Choice of spending resources on weapons is bad economics

Lloyd Jeffrey Dumas, an economist and industrial engineer at the University of Texas, Dallas, writes about the arms industry and the ways it damages the economy. He has a great analogy.

Military spending draws high skilled labor away from commercial industry. It pays engineers and machinists better and it offers them the opportunity to build products that are sexier and more interesting than vacuum cleaners and color TVs.

Military spending uses up available capital, both in money and equipment. So again, money goes to invest in weapons research rather than development of new tools for surgery. Even more problematic is the access arms manufacturers have to the newest capital equipment, leaving commercial manufacturers waiting in line.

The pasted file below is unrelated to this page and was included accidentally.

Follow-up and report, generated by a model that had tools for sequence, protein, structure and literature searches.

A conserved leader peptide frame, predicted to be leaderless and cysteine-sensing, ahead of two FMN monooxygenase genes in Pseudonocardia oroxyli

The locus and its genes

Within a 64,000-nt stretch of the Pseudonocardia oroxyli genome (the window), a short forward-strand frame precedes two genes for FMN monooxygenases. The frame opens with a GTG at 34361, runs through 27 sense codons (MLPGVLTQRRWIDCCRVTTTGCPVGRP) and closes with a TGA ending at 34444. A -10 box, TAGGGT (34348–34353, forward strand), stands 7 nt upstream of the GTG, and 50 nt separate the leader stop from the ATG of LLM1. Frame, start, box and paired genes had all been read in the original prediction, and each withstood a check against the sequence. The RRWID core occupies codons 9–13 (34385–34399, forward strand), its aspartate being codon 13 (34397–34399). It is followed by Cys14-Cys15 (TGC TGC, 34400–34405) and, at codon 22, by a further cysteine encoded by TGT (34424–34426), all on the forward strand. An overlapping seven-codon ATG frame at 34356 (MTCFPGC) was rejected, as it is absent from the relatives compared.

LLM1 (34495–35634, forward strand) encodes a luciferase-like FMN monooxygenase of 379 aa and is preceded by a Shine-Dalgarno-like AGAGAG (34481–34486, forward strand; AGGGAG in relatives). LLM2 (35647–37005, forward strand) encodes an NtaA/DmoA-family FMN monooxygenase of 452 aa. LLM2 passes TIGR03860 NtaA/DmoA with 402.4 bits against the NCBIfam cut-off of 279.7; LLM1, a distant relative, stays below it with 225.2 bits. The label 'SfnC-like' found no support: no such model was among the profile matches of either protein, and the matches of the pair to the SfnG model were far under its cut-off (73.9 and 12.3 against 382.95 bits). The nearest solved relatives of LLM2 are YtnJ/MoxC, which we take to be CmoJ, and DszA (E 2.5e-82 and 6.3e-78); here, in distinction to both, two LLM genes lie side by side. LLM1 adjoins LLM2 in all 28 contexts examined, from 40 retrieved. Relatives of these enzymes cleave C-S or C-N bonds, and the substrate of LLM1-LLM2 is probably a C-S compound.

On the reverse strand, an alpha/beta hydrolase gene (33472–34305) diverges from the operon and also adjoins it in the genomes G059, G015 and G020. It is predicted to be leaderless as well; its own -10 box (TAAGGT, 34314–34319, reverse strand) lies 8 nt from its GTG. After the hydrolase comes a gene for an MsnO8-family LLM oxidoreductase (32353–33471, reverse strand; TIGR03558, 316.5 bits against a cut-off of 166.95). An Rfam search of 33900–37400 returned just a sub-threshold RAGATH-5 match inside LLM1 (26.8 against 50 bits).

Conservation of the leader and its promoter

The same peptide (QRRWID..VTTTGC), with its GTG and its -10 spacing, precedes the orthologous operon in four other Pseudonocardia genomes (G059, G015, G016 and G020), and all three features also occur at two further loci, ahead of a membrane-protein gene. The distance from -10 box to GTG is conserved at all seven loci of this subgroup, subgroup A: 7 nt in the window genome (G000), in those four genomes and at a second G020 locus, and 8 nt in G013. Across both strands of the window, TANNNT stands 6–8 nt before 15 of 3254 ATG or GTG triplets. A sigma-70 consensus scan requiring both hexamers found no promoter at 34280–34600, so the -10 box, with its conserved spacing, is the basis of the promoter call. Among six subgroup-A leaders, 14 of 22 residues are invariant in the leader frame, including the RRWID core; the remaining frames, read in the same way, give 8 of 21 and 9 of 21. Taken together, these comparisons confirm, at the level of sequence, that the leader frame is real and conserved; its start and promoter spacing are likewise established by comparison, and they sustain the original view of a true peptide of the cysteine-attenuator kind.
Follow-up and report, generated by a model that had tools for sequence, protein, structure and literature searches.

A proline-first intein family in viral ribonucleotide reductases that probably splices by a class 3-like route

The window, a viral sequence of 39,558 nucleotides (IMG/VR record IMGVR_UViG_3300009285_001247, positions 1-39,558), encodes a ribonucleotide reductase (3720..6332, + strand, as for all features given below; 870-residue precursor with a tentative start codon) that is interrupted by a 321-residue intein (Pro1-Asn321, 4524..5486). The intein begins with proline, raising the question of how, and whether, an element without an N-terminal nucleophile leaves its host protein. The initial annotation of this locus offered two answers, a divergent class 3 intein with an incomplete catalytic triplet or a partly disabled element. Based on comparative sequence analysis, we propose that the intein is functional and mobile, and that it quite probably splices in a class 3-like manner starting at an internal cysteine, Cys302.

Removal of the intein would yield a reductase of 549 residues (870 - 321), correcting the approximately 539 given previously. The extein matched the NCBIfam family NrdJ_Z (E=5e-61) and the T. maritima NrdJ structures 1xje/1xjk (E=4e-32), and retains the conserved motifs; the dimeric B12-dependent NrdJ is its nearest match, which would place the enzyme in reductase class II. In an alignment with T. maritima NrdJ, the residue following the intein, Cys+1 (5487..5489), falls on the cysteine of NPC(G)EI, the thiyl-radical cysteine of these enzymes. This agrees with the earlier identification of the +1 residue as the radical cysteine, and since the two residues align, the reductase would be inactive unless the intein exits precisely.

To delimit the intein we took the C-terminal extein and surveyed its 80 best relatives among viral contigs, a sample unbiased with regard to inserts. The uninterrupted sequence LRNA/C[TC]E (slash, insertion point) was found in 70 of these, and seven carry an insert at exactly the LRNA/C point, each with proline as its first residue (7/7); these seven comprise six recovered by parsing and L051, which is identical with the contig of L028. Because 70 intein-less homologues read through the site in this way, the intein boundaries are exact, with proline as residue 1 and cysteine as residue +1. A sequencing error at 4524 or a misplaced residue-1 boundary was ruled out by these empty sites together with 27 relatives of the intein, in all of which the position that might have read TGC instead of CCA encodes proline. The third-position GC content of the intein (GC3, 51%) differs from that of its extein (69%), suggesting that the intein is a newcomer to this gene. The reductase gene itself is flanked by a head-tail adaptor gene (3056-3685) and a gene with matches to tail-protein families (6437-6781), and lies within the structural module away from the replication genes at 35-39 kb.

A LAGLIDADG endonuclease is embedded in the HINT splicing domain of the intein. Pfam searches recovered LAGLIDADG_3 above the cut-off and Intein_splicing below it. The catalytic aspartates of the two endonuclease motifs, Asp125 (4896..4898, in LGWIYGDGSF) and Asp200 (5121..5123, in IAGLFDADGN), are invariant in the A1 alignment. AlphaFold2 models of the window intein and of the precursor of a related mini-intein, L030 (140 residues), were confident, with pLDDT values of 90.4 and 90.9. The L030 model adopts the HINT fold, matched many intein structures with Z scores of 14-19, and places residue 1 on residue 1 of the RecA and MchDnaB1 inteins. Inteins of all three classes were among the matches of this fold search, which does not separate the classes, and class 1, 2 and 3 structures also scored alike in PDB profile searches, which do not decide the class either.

Finally, the weapons industry reserves high-tech processes and products for itself. Nanotechnology, kinds of paint, composites -- there's a long list of technology that commercial industry in the U.S. didn't have. So it went elsewhere.

Dumas says this is a value choice. It's bad economics, but it is a clear decision to spend our resources on weapons.

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Here's the analogy: The only other example of a society putting its most skilled labor, its best technology and its capitol into a nonproductive product is the building of the cathedrals in the Middle Ages.

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